Becoming Son Little

We’re always evolving – up, down, inside-out - as much a product of our own tastes and observations as the external world throwing change and inspiration at us. Aaron Livingston, otherwise known as Son Little, knows this particularly well, from his days growing up in Philadelphia and New York to his own transformation from Son Little. Now, the R&B musician returns with his sophomore album, New Magic.

“A lot of the things that I do now, I kind of learned in the Son Little years,” the singer explains. “Things from the first record, guitar and drum sounds, they kind of developed over time. I think what I’ve done now has been its own thing, though. It takes a while to know what it is. Sometimes people name their baby a week after the birth, you know? In another way, you name something, and then the thing you’ve named becomes the name.”

 

Across album reviews and past interviews, Son Little has found himself with amazing praise, but with a curious recurring caveat. Writers dwell over his ‘battered and beautiful soul’, or remark how he has shown us a ‘shaken but hopeful heart’. Picking apart personal hardship is the common theme, and I wonder how Livingston handles such scrutiny.

 

“It gets easier over time,” he says. “But I think the whole point is, I’m trying to say things with music that I can’t say otherwise. And when you get on stage, when you give into analysing songs, it’s kind of hard because to get something definitive out of something that is not always unambiguous is hard. But you know, I don’t mind when people do ask me about the songs. I mean, I talk about music constantly with people. We go on the road [and] it’s all we talk about. I’m constantly doing it anyway, so really it wouldn’t be fair if I didn’t allow for a little bit of that in interviews and things.”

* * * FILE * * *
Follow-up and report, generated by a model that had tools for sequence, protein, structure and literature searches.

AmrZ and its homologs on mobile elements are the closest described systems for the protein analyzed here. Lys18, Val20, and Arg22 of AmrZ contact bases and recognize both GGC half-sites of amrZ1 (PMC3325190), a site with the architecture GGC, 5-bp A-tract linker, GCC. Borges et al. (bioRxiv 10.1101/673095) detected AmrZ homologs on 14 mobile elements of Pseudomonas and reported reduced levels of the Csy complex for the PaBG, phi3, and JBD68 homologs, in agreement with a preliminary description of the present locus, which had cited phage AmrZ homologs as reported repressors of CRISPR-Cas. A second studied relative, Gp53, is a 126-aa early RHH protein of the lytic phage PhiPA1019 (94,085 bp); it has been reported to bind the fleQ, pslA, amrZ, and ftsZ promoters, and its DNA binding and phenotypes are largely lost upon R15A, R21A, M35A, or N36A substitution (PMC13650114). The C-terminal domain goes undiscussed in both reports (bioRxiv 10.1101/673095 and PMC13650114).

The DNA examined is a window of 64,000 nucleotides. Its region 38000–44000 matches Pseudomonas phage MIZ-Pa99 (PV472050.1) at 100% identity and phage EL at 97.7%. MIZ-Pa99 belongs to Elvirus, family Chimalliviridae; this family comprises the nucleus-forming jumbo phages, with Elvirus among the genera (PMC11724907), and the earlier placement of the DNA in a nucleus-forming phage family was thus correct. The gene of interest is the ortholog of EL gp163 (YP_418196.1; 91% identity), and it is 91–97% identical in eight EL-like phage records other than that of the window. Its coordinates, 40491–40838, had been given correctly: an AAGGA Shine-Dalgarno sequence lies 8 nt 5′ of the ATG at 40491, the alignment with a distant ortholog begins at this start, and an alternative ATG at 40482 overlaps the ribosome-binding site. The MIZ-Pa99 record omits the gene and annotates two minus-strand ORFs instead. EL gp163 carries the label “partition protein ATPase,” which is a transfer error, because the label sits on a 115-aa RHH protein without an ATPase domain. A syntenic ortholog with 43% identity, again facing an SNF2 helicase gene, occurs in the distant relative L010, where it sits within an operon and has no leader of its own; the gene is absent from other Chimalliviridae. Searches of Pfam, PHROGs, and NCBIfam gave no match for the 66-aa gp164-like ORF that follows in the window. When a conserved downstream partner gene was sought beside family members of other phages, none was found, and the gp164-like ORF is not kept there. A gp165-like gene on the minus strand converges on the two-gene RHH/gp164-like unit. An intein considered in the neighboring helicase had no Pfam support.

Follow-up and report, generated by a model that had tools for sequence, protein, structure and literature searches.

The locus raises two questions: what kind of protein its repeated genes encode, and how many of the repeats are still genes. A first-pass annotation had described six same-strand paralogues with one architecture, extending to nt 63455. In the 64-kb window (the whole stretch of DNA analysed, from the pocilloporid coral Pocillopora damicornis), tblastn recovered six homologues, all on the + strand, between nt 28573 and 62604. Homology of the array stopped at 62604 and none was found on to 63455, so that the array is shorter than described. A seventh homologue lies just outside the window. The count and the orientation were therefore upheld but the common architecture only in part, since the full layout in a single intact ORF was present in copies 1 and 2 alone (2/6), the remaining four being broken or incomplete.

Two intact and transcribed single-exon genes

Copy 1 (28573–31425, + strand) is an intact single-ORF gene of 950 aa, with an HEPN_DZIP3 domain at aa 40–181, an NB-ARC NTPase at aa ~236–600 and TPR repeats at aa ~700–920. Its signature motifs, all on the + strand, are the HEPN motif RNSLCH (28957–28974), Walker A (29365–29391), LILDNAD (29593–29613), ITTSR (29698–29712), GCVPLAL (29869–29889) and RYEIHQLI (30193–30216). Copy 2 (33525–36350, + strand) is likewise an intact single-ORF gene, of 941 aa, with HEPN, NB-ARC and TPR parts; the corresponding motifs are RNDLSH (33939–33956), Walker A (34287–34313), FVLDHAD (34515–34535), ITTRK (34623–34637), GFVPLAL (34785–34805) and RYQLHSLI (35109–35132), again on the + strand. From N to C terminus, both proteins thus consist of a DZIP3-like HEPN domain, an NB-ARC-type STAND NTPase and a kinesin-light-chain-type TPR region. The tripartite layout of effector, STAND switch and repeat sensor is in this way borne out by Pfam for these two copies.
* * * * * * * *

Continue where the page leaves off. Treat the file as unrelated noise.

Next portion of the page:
It’s a nice coincidence talking with Livingston when I do, having recently visited both Philadelphia and New York. What struck me most about the former was the sense of faded industry, a city bordered by rusted warehouses and crumbling buildings. It’s a strange setting for the start of a musical career, but in part, as Livingston explains, this is the story of the US at large.

 

“There are lots of things that offset that storybook narrative,” he says. “The idea of independent, plucky Americans making a name for themselves gets turned on its head, because we have things like the opioid epidemic, the civil rights struggles. Those things chart a slightly different story. In Philadelphia, and in New York where I also lived as a kid, these are places where the story is conflict – everyone living right on top of each other.”

 

But within that conflict, there is also great fellowship and a wide pool of talent. Both of these cities have an astonishing history of not only industry, but art and culture that spread out across the globe and continue to inspire to this day. It remains as difficult as ever to forge a creative path that leads to success and longevity, but never before have musical palettes been so expansive.

 

“I’ve been fortunate to grow up with a lot of really great artists,” Livingston says. “Some that people know, some that no one has heard of. It can be difficult for an artist [who is] introspective to reconcile some of the things that you have to do to make yourself known. That’s a fairly common story for people, for other writers and singers maybe more so. I think one thing we have a wealth of here, and when I started coming into my own as a musician, there was a lot of really healthy competition. I doubt that I would have progressed the way I did without it.”

 

 

New Magic is out Friday September 15 through ANTI-

 

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